Platform Detection     

Helpers are built-in to detect the Platform (and its capabilities) in which the code is running:

// For usage inside a Vue component JS:

// or usage inside a Vue component template:

// Only for usage outside a Vue component you need to import it:
import { Platform } from 'quasar'
PropertyTypeMeaning the code running on a mobile device? the code running within Cordova? the code running within Electron? the code running on a desktop browser? the code running is a Chrome extension environment?
Platform.has.touchbooleanIs the code running on a touch capable screen?
Platform.within.iframebooleanIs the App running within an IFRAME?

Running on mobile means you can have this code running on a mobile device (phone or tablet) but with a browser, not within a Cordova wrapper.

Other specific properties:
android, blackberry, cros, ios, ipad, iphone, ipod, kindle, linux, mac, playbook, silk, chrome, opera, safari, win (Windows), winphone (Windows Phone) and more…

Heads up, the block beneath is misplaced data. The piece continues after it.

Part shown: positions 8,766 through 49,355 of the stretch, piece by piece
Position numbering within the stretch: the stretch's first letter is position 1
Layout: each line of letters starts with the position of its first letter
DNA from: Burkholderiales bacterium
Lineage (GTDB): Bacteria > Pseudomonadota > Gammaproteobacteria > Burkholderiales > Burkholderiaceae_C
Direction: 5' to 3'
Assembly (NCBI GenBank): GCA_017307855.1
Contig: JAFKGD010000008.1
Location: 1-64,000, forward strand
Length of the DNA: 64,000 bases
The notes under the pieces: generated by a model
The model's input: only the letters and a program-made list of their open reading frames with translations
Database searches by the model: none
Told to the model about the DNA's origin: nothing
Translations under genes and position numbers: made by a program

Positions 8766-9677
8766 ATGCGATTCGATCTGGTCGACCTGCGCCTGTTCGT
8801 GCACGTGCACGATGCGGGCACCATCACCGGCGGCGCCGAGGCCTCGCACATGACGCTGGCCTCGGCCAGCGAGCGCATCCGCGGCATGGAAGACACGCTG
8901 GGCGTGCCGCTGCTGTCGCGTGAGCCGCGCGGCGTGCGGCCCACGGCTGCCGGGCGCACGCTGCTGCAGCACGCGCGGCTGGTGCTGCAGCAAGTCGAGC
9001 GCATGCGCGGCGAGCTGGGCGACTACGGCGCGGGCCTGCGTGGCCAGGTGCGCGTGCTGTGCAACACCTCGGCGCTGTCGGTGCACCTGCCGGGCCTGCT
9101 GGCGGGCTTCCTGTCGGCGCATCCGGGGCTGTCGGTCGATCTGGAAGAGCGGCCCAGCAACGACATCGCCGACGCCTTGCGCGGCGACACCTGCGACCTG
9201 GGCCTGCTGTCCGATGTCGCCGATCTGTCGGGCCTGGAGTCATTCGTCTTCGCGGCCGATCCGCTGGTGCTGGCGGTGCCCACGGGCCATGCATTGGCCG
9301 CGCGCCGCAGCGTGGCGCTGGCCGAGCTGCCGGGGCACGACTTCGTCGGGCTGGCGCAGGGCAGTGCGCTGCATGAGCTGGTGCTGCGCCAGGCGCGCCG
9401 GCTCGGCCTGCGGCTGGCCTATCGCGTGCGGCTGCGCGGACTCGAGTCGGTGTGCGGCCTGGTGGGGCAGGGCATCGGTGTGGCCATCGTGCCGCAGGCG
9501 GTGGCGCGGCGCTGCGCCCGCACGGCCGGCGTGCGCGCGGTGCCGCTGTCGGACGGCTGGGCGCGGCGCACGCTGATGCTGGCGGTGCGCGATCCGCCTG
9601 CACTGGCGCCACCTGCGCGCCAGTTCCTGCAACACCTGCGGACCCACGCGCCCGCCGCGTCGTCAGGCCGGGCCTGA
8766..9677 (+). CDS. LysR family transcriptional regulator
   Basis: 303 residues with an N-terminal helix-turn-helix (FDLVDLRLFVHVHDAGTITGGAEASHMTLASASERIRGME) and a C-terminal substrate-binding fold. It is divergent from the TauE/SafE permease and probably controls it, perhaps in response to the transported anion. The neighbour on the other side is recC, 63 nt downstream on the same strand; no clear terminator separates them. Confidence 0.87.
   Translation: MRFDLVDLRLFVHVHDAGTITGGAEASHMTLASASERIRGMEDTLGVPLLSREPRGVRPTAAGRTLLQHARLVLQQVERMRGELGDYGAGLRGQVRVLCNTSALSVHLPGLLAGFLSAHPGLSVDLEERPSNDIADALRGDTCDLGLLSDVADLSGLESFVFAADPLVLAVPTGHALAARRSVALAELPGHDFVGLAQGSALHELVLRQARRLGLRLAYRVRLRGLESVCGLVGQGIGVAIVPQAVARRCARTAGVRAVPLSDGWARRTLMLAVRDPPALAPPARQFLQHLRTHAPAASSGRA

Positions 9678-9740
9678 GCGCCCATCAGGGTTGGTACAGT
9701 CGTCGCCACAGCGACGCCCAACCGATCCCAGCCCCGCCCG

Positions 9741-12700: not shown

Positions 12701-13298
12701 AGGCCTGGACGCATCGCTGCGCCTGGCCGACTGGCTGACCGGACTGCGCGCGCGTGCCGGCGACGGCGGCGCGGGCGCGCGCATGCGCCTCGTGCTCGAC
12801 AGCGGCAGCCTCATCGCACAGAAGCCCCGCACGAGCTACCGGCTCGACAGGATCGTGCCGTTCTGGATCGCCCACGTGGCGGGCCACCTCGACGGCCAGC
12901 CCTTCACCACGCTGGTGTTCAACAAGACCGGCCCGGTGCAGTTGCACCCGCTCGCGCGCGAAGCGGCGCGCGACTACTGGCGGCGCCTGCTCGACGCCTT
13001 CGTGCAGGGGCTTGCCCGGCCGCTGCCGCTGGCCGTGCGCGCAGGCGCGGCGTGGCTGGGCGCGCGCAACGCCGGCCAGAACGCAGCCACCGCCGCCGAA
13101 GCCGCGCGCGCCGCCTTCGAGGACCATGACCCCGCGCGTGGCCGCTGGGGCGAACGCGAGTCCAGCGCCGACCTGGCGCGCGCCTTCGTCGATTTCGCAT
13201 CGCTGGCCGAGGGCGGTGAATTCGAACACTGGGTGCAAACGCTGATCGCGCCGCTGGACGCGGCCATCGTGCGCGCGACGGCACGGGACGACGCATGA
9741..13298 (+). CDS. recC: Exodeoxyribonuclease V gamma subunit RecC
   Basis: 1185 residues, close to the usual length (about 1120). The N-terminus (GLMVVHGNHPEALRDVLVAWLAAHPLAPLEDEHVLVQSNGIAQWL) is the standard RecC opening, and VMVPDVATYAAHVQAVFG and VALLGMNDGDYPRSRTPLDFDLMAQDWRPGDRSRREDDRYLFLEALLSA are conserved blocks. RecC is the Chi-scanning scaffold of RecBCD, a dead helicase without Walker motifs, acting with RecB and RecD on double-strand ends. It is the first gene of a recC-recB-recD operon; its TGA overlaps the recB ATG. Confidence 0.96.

Example when running Chrome on a Linux desktop machine:

// Describing
chrome: true,
desktop: true,
linux: true,
name: "chrome",
platform: "linux",
version: "47.0.2526.80",
versionNumber: 47,
webkit: true


Let’s say we want to render different components or DOM elements, based on the platform that the code is running under. We want to show something on desktop and something else on mobile. We would proceed like this:

<div v-if="$">
I'm only rendered on desktop!

<div v-if="$">
I'm only rendered on mobile!

<div v-if="$">
I'm only rendered on Electron!

Based on your needs, you might want to also check Design Helpers > Visibility page to see how you can achieve the same effect using CSS alone. This latter method will render your DOM elements or components regardless of platform though, so choose wisely on how you want to handle the performance of your app.

Note about SSR

When building for SSR, use only the $q.platform form. If you need to use the import { Platform } from 'quasar' (when on server-side), then you’ll need to do it like this:

import { Platform } from 'quasar'

// you need access to `ssrContext`
function (ssrContext) {
const platform = process.env.SERVER
? Platform.parseSSR(ssrContext)
: Platform // otherwise we're on client

// platform is equivalent to the global import as in non-SSR builds

The ssrContext is available in App Plugins or preFetch feature where it is supplied as parameter.

The reason for all this is that in a client-only app, every user will be using a fresh instance of the app in their browser. For server-side rendering we want the same: each request should have a fresh, isolated app instance so that there is no cross-request state pollution. So Platform needs to be bound to each request separately.